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Factor X Deficiency Management for Elective Cesarean Delivery in a Pregnant Patient

Unusual setting of medical care, Rare co-existance of disease or pathology

Mirna Krkovic, Andrea Koosova Gajic, Janja Tarčuković, Vlatka Sotosek, Tea Stimac, Sanja Balen, Boban Dangubic, Igor Grubjesic

Department of Anesthesiology, Intensive Care and Pain Medicine, Clinical Hospital Center Rijeka, Rijeka, Croatia

Am J Case Rep 2020; 21:e920685

DOI: 10.12659/AJCR.920685

Available online: 2020-02-06

Published: 2020-03-18

BACKGROUND: Congenital factor X deficiency is a rare inherited coagulopathy. Pregnancies in women with this disorder are often associated with adverse outcomes, including miscarriage, premature labor, and hemorrhage during pregnancy and in the peripartum period. The literature on this disorder is sparse and shows a limited number of successful pregnancies in women with factor X deficiency.
CASE REPORT: In this report, we present the case of a successful pregnancy and term delivery by elective cesarean section in a 39-year-old primigravida with congenital factor X deficiency. Medical management followed the recommendations of an interdisciplinary team comprising specialists in obstetrics, anesthesia, transfusion medicine, hematology, and neonatology. This high-risk pregnancy was successfully brought to term, and a healthy male neonate was delivered by elective cesarean section at 39 weeks’ gestation. The patient’s factor X deficiency (0.19 kIU/L) was treated using 4 units of solvent-detergent-treated fresh frozen plasma (SD-FFP) 1 h before the cesarean section, leading to hemostatic levels of factor X and an uneventful intraoperative course. Postoperatively, the patient’s factor X levels were controlled daily and corrected using SD-FFP as needed, with no clinically significant blood loss.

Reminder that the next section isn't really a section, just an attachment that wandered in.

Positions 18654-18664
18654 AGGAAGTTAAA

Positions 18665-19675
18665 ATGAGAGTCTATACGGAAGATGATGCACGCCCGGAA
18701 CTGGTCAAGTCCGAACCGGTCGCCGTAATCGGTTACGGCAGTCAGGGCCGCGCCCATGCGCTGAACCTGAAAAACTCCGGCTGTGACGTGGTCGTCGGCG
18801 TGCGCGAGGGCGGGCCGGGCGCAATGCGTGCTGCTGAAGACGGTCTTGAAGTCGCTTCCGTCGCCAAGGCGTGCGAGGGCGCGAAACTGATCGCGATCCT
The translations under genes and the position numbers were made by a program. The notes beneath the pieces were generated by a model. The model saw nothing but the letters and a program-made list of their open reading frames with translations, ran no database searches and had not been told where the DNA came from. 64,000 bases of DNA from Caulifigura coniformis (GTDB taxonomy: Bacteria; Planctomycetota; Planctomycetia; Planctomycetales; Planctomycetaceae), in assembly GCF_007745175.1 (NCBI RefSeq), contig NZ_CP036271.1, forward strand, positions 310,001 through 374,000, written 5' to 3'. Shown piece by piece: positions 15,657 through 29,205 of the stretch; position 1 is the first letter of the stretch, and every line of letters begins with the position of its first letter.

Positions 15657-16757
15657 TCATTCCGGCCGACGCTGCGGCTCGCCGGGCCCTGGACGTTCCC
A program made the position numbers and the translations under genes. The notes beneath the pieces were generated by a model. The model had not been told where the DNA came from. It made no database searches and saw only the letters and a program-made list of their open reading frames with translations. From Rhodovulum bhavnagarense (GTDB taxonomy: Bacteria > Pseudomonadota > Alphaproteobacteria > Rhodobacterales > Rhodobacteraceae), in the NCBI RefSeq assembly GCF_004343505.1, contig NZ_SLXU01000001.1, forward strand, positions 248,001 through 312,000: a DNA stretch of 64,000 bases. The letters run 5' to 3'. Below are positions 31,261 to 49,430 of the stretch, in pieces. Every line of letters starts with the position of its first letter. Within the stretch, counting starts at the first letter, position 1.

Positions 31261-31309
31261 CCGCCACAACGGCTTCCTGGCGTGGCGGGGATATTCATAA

CONCLUSIONS: SD-FFP can be used to manage congenital factor X deficiency in the peripartum period and maintain perioperative blood loss within normal limits.

Keywords: Factor X Deficiency, Pregnancy Complications, Hematologic, Pregnancy, High-Risk